The Dirt is varied. After several listens, and despite that I have heard several of the songs before in both old and new versions, I keep finding new sounds in all tracks. The power of the voice that caries all 10 tracks (the 11th doesn't have vocals) is strong, energy-filled, and pissed-off only in a way that EBM can foster. The compositions are varied and every track has its own identity, but generally all of them are very heavy, tough and hard. Pouppée Fabrikk succeed very well in presenting a dirty sound, which has always been one of the their signature qualities. Their first releases back in time far far away carried the underground sound of old school Swedish black and death metal. This now more modern sound is filthy and dirty, just the way the band has been promising it would be.

Eine Tasse Jäger doesn't rate releases, but it suffices to say that The Dirt raises the standard bar for what EBM can be. Pouppée Fabrikk sends a message with this album, directed towards the EBM scene, which according to them is dead. When this message first came with the first single release of Bring Back The Ways of Old, I didn't completely agree. But after listening to the whole album, I was forced to change my mind. With some exceptions, modern EBM scene is monotonic, uninspired and repeats itself constantly (more thoughts about this, visit a friend's article about this topic, as well as an interview with Henrik Björkk: This is how I interpreted Pouppée Fabrikk's message: Thoughts keep coming while listening to The Dirt, that the EBM scene needs more inspiration, variety, and experimentation. This is what PF did, and together with their expertise, that is why The Dirt rates among the top EBM releases since 1987. (I put that in bold for the drunk working class, so they can skip the text and stop wasting time on the Internet, get the album and continue the stomping beer fest!)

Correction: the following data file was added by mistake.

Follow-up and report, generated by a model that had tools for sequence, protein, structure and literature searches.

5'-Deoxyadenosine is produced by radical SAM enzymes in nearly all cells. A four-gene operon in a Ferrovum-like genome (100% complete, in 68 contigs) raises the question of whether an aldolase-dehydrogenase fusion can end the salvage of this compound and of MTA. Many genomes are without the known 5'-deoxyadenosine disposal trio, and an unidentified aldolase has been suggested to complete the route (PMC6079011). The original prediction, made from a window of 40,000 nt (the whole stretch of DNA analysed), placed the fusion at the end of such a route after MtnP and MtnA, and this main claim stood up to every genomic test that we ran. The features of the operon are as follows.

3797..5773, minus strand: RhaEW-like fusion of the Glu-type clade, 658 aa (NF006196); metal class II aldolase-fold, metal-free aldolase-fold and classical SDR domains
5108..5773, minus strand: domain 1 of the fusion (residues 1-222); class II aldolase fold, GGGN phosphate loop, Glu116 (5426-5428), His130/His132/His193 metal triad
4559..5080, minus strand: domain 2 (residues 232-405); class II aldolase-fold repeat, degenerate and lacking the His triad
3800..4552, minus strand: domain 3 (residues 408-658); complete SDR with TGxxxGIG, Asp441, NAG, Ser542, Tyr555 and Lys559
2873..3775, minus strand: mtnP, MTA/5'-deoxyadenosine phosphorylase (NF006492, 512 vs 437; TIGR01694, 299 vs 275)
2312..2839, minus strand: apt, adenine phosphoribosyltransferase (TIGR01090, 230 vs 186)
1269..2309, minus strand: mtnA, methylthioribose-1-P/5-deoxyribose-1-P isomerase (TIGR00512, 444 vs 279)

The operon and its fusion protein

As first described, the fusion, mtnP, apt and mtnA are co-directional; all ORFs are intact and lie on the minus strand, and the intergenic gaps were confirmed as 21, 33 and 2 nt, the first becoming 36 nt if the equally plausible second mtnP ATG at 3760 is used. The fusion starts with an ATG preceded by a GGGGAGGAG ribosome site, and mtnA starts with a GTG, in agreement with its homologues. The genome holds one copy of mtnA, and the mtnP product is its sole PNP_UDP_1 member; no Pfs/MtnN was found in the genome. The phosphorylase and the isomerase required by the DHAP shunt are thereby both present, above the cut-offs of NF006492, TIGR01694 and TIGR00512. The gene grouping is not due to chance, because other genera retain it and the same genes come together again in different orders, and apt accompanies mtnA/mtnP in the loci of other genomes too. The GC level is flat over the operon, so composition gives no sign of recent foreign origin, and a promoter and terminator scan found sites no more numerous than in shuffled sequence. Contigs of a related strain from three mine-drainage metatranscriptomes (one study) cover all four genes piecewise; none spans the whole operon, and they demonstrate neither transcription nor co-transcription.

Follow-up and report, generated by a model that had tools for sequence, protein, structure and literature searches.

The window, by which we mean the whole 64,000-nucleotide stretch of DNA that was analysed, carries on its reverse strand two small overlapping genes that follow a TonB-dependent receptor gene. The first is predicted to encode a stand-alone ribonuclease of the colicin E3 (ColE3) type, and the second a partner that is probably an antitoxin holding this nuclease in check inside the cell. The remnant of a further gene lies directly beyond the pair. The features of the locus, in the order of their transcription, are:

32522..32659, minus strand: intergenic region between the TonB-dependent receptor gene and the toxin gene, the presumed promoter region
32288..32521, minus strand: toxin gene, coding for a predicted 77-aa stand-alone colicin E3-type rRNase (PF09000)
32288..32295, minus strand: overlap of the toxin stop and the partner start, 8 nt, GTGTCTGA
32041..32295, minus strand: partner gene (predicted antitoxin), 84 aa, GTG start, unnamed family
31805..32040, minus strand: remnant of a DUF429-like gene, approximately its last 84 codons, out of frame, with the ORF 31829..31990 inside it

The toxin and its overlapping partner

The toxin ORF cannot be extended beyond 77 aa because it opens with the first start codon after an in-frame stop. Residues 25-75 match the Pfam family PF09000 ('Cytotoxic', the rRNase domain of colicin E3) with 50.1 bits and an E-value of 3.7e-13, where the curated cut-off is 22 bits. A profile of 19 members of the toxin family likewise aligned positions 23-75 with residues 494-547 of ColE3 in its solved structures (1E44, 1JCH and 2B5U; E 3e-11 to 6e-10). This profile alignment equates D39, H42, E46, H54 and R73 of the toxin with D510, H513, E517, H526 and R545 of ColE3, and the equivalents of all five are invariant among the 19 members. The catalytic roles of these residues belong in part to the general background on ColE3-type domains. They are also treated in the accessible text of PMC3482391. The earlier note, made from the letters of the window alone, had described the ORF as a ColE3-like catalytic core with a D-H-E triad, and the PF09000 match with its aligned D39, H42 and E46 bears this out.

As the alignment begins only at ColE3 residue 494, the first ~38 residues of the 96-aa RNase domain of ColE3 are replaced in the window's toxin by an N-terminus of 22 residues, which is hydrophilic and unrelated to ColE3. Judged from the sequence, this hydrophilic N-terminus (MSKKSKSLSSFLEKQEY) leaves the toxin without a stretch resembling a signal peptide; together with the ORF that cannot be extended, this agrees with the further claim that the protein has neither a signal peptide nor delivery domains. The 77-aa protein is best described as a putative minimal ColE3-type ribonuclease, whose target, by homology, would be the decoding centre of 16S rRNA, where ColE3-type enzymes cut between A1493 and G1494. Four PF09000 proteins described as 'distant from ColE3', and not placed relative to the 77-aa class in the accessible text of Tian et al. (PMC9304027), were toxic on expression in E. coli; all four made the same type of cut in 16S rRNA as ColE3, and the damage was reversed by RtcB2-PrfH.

The Dirt delivers as a double CD, where the first one is the main album itself. It mainly consists of new recording of some old demo tracks (which were so underground, most people didn't even know they existed). These were originally created in the very beginning of Pouppée Fabrikk's spawn. They are completely reworked and rebuilt in every way possible, and sound truly powerful. The second CD consists of old sounds, the mentioned demos, and is interesting to hear especially for those of us who have been following the band's discography.